Arrested 10 weeks earlier by forces of the Royal Irish Constabulary for suspected IRA membership, MacSwiney immediately commenced a hunger strike. As he wasted away toward a martyr’s death, he drew international attention — and sympathy to the plight of Ireland then in the midst of a bloody War for Independence against the British.
Terence MacSwiney was born in 1879 in Cork and, following his parent’s direction, became an accountant. But coming of age during Ireland’s cultural renaissance known as the Gaelic Revival, his real love was literature and the arts. In 1901 at the age of 21m he co-founded the Cork Literary Society and began studying philosophy. Six years later, he published his first book, a single, long poem, “The Music of Freedom,” a title that reflected his growing commitment to the Irish nationalist cause. In 1908, he helped found the Cork Dramatic Society, for which he wrote several plays, most suffused with nationalist themes.
By 1913, in the context of intensified nationalist sentiment brought on by the final (and futile) effort to achieve home rule, MacSwiney put down his pen and took up the gun. He was a principal organizer of the Cork Volunteers, a local branch of Eoin MacNeill’s nationalist paramilitary force, the Irish Volunteers. A year later, he began publishing called Fianna Fail, a weekly nationalist paper quickly suppressed by British authorities.
Recognized as a leading figure in the nationalist movement by the fateful year of 1916, MacSwiney was arrested in January that year for delivering a “seditious” speech. Months later, as a small an zealous faction of the Irish Volunteers staged the ill-fated Easter Rising, MacSwiney was not among them. Like most members of the Irish Volunteers, he had obeyed commander Eoin MacNeill’s order to suspend the uprising. As a consequence, he lived to play a significant role in the nationalist struggle that followed. He served two short prison terms in 1916 and 1917, won election to the First Dail in 1918, and became a commandant in the emerging Irish Republican Army.
But what catapulted him to the international spotlight was his election as lord mayor of Cork in March 1920. By then the War for Independence was well under way and the brutal tactics of the RIC and British security forces had begun to show. MacSwiney’s predecessor as lord mayor, a close friend and fellow IRA commandant named Tomas MacCurtain, had been assassinated in his bed by security forces in February. MacSwiney won the special election to fill MacCurtain’s seat and boldly declared at his inauguration: “This contest on our side is not one of rivalry or vengeance, but of endurance. It is not those who can inflict the most, but those who can suffer the most, who will conquer.”
Five months later, as the War for Independence entered its bloodiest phase, MacSwiney was given an opportunity to put his courageous words to the test. Arrested for possessing a “seditious” document, he declared his intent to go on a hunger strike unless immediately released. “I have decided that I shall be free, alive or dead, within a month,” he said.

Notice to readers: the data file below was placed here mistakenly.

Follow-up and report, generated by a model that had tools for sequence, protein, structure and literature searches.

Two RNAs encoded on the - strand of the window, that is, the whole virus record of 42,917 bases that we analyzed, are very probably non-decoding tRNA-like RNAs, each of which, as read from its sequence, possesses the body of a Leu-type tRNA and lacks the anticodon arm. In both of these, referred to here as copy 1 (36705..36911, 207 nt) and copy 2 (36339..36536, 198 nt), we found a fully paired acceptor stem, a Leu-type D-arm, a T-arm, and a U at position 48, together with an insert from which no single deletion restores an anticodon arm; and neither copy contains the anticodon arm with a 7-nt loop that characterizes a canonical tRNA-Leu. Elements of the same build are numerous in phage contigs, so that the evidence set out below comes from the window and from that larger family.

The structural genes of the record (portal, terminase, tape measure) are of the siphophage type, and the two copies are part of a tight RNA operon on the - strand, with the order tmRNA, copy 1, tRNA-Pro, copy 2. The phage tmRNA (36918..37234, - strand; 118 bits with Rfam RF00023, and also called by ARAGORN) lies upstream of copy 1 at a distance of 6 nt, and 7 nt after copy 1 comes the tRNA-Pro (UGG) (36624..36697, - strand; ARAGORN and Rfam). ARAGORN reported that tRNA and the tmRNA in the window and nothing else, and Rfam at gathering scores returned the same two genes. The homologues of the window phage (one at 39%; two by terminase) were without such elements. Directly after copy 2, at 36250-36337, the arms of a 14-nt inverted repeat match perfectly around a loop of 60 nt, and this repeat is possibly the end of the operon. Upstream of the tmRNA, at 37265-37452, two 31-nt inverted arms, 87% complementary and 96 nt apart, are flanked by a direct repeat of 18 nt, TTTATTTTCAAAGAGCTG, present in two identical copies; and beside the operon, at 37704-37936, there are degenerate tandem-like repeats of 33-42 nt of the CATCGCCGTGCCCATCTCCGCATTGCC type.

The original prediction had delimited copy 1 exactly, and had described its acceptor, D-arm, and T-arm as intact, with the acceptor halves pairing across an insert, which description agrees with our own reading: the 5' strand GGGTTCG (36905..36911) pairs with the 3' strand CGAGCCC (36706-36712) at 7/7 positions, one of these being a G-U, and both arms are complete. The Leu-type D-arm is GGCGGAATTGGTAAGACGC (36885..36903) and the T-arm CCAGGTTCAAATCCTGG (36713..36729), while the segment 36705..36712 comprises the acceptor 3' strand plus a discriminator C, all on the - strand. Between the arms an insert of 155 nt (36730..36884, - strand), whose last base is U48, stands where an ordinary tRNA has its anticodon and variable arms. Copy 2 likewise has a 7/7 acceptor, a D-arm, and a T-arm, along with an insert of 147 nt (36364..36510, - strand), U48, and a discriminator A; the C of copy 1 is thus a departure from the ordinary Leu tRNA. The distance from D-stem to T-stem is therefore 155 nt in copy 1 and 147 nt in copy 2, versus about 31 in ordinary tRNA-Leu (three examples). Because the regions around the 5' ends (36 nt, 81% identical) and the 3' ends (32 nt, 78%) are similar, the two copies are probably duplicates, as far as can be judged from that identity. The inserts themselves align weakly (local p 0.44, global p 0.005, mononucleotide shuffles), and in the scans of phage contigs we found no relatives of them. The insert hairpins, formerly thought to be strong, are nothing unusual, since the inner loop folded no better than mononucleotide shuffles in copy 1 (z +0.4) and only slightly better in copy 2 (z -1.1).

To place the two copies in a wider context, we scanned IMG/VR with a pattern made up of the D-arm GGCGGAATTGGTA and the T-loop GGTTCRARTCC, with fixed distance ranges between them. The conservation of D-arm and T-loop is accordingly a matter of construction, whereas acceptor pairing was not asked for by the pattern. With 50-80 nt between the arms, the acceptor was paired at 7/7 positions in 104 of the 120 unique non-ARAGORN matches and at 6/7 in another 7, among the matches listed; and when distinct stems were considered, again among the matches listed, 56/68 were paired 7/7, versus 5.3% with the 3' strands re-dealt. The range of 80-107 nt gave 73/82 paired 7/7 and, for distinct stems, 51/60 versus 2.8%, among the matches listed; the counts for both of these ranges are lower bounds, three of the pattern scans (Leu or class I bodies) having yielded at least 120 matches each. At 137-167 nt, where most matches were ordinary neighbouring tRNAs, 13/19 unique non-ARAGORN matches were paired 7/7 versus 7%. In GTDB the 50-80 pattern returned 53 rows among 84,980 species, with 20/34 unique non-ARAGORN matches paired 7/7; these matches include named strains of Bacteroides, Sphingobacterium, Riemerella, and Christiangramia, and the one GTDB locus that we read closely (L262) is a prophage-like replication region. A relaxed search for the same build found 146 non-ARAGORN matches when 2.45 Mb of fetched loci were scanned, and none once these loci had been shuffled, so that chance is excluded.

MacSwiney underestimated his ability to endure the slow trauma of self-starvation and, perhaps, the willingness of British authorities to let it happen. Prime Minister Lloyd George refused to give in and with every passing day MacSwiney inched toward death. It was an agonizing process that made headlines and prompted protests around the world. Longshoremen in New York threatened to boycott British ships while more than 200,000 Catholics in South America petitioned the pope to intervene.
But these and other efforts came to no avail and as MacSwiney’s struggle neared its end, he issued an inspirational message to his fellow nationalists then fighting a war against a formidable foe. “I offer my pain for Ireland,” he said. “I offer my suffering here for our martyred people, beseeching Thee, oh God, to grant them the nerve and strength and grace to withstand the present terror in Ireland.”
MacSwiney’s comrades doubtless drew the strength to endure from their faith in God, but they also did so from his extraordinary example of commitment and sacrifice. After 74 days, the lord mayor breathed his last. A few days later he was sent to his rest after a huge funeral attended by thousands and covered in newspapers around the world.
MacSwiney’s sympathizers nailed a sign over Cork’s City Hall that read, “Terence MacSwiney, murdered by the Foreign Enemy, in the Fourth Year of the Republic.”
The memory of MacSwiney, not to mention Kevin Barry and other nationalist martyrs, sustained the IRA in the dark days that lay ahead, but by the spring of 1921 it was clear that the lord mayor had been right. Victory went not to the mightiest or cruelest, but rather to those willing, in his words, “to suffer the most.”
HIBERNIAN HISTORY WEEK
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